You have to wonder what it is in the soil of Scotland that allows for the continual gestation of so many bands – and so many good bands. Certainly at present it feels like we might just be in the midst of some abstruse cycle – like the 17 year sleep of the cicada, or the periodic blooming of some desert flower – with a whole host of bands coming to the surface to breathe, to breed. And with The Phantom Band it feels a little like we’ve arrived at something totemic, a dark churning force at the centre of things. Maybe.
That soil metaphor works with this record too – Checkmate Savage is an album that is powered by the magma-deep churn of the rhythm section, and that throbs with a kind of underworld noir. It’s also intimately concerned with what lies beneath (see ‘Burial Sounds’ where singer Richard Princeton comes on like a bible black Howe Gelb) – under rocks and stones, in the belly of the mountains, under the ground…Then there’s the bands shady past too: formed by a rag tag bunch fascinated with different styles of music, the band perfected a number of these styles – metal, techno, gospel – and played gigs under a swarm of different pseudonyms, heads shrouded in cloth sacks. And it’s a mythology the band are rightly keen to maintain, as they are keen to manage the clash of styles. And how.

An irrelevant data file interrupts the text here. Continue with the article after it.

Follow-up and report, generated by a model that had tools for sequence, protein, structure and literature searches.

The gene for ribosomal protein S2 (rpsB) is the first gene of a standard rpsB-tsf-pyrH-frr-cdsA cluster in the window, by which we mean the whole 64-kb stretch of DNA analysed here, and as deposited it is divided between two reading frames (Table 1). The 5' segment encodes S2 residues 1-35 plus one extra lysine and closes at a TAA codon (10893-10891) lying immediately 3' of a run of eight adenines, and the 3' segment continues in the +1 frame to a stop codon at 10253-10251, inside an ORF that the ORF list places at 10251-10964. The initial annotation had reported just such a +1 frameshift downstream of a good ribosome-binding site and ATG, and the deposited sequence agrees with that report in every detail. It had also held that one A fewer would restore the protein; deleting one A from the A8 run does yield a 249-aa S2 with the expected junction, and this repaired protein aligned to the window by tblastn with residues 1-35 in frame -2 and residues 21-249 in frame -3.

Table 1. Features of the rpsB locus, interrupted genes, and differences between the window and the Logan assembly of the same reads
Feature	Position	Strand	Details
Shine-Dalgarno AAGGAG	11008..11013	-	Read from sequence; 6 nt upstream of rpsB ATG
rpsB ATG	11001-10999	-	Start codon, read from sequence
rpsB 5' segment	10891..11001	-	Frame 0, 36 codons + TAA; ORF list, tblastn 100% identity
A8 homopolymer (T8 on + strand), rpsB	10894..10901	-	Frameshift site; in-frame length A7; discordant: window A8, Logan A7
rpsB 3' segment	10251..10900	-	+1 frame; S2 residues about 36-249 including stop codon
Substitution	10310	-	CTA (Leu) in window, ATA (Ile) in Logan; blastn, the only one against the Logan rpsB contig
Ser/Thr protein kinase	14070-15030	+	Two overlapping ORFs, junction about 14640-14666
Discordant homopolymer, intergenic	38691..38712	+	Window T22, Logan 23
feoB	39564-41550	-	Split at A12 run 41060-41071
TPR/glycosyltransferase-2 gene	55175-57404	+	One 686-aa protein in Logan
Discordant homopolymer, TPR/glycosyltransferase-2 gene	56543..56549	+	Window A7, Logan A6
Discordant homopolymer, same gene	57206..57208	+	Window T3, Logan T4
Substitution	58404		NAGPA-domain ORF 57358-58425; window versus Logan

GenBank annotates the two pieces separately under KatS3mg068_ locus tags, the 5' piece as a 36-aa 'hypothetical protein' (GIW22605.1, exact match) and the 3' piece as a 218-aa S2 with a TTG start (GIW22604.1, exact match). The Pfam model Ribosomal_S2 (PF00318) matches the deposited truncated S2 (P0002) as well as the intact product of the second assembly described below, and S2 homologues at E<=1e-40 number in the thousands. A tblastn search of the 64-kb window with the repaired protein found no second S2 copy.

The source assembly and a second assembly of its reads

Pick your way through these references: The Stooges, Nick Cave, Smog, Can, The Beta Band, Violent Femmes, Super Furry Animals… Such are the descriptions I’ve seen levelled at The Phantom Band. No pressure there then. As it goes I think Can by way of the Super Furries and The Beta Band isn’t a totally unfair sketch – Can and The Beta Band for the way in which they find a groove and lock into it, the Super Furries for their method, grasp of melody and sheer vaulting ambition.
‘Folk Song Oblivion’ is the most obvious moment when all this coalesces, the song, driven by a dirty rhythm, effortlessly changing tack for a glorious Talking Heads inspired chorus, all whoops and handclaps. ‘Throwing Bones’ is equally momentous, a thick groove built around simple Velvet’s drone mutates into a doo-wop inspired wig out, come now, come faster… ‘Crocodile’ is probably the most Can-like track on the album – an almost savage bass line overcut with a clicking guiro and a wheezing organ. The track builds and releases and threatens to blow the sky open with its shameless abandon. And for all that talk of chthonic churn the band aren’t afraid to soar: on ‘Left Hand Wave’ the band sound like a wide-sky band from the American West, peyote-fuelled and ghosted.
Downsides? You might be churlish and say the album outstays its welcome a little – ‘The Whole Is on My Side’ feels undercooked, all groove and no song – but the main thing is the feeling that the band is going to split apart, that something might snap, all that contained energy flying in a hundred different directions. What is certain is that it’s going to be exhilarating to watch.